The banality of torture

Putting torture into the mainstream is not bad, since it reminds us just how common the practice actually is

By Nathan Bloom

Critics of Fox’s 24 have long argued that the show’s numerous depictions of torture are often gratuitous, damage America’s international reputation, and encourage American soldiers to view torture as a productive and justified military tactic. I hope they are wrong. Likewise, prominent political commentator Andrew Sullivan has lamented that 24 helps to “normalize torture in the public consciousness.” I hope he is right.

It bears pointing out how incredible it is that an intellectual as bright as Sullivan can make a statement like that without even a hint of irony. After all, the defining image of America’s majority religion is of a man being brutally tortured. Its very symbol is an instrument of torture, a symbol that countless Americans put on the walls of their homes and wear daily around their necks. If none of this has normalized torture in Americans’ eyes, what must they think they are seeing? The letter “T”?

While a sanitized, PG Christianity that downplays the starkness of suffering may be more comforting to its adherents, the classical version of the religion that dwelled on torture did have something going for it: It was not afraid to face the world of human experience in its entirety.

New York Times columnist Frank Rich panned Mel Gibson’s film The Passion of the Christ for obsessing in a “pornographic” way on Jesus’s scourging and crucifixion. One suspects, however, that Jesus himself did not find anything particularly pornographic about his manner of execution. Neither did the 10s of thousands of other men, women, and children crucified by Rome who collectively spent decades writhing in agony in the bitter embrace of wood and iron. How is it pornographic to depict their experience in art any more than it is, say, to dwell ad nauseum through hundreds of pages of text over the social maneuverings of 19th-century British aristocrats?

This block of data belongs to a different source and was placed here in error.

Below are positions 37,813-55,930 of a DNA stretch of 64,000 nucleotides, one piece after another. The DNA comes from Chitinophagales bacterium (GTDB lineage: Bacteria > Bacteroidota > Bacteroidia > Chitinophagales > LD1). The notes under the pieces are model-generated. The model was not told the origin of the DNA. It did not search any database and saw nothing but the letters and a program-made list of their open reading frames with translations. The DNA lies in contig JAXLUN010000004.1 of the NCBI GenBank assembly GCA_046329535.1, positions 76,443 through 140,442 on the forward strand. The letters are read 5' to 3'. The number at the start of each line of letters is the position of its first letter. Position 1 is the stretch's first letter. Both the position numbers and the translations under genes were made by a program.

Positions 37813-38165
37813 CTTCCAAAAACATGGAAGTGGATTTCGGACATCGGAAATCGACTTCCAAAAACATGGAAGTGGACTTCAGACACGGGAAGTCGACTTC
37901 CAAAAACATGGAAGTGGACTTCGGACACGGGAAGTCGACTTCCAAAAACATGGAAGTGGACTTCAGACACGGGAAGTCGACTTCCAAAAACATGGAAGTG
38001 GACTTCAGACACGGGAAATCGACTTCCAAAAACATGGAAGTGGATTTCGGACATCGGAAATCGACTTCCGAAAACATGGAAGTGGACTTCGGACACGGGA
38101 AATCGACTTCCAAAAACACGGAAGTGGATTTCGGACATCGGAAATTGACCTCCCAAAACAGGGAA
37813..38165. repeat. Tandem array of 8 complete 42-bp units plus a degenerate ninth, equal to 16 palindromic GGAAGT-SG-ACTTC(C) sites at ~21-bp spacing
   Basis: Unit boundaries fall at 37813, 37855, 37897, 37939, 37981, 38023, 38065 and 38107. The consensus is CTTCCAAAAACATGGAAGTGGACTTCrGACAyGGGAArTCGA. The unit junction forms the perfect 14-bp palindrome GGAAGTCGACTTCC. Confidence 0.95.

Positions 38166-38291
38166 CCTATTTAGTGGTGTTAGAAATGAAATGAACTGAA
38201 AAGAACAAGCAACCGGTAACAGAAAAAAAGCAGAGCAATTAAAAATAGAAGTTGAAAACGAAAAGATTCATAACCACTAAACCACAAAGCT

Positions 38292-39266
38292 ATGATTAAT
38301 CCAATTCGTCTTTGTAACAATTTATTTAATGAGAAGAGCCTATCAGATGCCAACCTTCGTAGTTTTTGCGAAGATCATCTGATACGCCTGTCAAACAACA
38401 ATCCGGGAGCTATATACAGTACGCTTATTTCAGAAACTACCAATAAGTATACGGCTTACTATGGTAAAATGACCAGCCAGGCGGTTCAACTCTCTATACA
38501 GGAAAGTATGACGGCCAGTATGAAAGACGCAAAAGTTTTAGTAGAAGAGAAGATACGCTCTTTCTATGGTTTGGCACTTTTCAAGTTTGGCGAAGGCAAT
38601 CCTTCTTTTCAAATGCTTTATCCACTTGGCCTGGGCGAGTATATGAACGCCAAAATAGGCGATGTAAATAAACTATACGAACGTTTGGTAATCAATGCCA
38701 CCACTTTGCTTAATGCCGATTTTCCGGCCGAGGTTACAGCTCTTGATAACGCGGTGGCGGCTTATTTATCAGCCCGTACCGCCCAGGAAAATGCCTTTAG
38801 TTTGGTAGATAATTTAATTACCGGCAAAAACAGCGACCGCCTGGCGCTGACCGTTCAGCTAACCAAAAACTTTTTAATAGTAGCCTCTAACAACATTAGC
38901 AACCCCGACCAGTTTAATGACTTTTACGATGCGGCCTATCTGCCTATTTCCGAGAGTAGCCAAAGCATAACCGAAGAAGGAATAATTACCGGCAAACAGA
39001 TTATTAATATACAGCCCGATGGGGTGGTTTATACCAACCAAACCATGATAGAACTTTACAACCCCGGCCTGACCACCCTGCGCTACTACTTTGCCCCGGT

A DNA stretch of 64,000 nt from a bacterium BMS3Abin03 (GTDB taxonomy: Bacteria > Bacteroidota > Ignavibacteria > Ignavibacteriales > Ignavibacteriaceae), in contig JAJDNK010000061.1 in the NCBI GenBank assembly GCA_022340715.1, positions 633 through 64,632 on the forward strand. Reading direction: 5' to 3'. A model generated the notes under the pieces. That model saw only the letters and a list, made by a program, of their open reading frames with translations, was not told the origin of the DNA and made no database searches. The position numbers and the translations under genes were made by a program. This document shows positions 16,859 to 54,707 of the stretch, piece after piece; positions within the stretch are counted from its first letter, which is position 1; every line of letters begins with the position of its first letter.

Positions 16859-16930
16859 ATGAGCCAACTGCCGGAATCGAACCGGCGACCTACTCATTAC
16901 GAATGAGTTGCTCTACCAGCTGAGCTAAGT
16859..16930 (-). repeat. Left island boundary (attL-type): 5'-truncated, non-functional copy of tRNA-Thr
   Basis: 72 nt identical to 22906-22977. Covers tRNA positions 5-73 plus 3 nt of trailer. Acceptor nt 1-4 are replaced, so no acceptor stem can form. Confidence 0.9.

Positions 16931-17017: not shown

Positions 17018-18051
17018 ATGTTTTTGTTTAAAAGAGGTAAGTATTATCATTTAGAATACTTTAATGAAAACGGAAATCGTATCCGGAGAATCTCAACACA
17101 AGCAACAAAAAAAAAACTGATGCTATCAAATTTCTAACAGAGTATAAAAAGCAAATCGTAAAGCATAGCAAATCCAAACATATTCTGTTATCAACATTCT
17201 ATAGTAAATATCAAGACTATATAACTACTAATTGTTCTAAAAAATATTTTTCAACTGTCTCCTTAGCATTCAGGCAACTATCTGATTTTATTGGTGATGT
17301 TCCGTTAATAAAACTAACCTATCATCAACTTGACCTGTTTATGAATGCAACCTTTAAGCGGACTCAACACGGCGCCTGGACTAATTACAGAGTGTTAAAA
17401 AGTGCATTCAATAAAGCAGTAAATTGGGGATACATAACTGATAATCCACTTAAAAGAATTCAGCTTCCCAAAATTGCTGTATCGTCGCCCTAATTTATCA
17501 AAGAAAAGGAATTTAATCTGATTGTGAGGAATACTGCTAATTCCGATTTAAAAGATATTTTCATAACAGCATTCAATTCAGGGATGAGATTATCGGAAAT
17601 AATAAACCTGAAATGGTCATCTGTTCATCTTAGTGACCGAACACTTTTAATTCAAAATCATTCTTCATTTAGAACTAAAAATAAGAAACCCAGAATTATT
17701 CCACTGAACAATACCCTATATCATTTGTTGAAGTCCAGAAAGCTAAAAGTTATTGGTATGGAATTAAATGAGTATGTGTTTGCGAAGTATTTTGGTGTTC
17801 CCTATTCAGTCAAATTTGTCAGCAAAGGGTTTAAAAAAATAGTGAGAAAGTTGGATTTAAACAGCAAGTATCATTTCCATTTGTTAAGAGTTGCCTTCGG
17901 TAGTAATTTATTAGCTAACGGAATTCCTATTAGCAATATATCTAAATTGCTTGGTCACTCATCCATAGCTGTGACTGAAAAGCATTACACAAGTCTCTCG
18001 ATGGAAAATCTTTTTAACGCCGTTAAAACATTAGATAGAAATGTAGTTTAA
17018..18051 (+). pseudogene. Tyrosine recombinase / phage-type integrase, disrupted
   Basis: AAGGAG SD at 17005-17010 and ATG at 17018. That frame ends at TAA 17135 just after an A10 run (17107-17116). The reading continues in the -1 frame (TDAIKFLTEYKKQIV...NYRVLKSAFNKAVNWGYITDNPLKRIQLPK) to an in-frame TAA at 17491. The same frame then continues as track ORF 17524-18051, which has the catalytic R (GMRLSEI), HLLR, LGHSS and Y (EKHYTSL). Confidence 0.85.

The fact is that torture should be normalized in the public consciousness because torture has been a normal occurrence throughout human history and still is throughout much of the world. It should be normalized because Americans tend to view the world through rose-colored glasses, to the detriment of their judgment.

Torture recently made headlines when a senior Bush administration official admitted that the U.S. government had tortured Mohammad al-Qahtani, who is suspected of being an attempted 9/11 hijacker. According to a New York Times report, the man was “kept in isolation and cold rooms, deprived of sleep, made to do dog tricks and broken by sexual and other humiliations too numerous to list.”

This is reprehensible and utterly unacceptable. But it is critical to keep in mind, as almost no one ever does, that not all torture is created equal. Without an understanding of this basic fact, many Americans argue that their nation has lost all of its moral authority and has become no different from its enemies. Alas, if only the French soldiers captured by the Taliban last year were tormented with sleep deprivation and made to bark like Fido. In fact, they were skinned alive. Al Qaeda torture manuals captured by coalition forces in Iraq describe in graphic detail the fundamentals of ironing men’s torsos and crushing their heads in vises. Many of us have difficulty comprehending the breathtaking possibilities of human pain and therefore distinguishing between the horrible and the infinitely horrible.

I have always been baffled by the sentiment common among my co-religionists that the Holocaust posed a unique theological problem. As later genocides have confirmed, that great tragedy was just one particularly awful horror on the wide continuum of human misery. If theology suffered a setback, it was only an easy theology that picks and chooses what it desires from the human condition. If we are to take the world seriously and see it clearly, then we need a brave reckoning with its deepest darkness.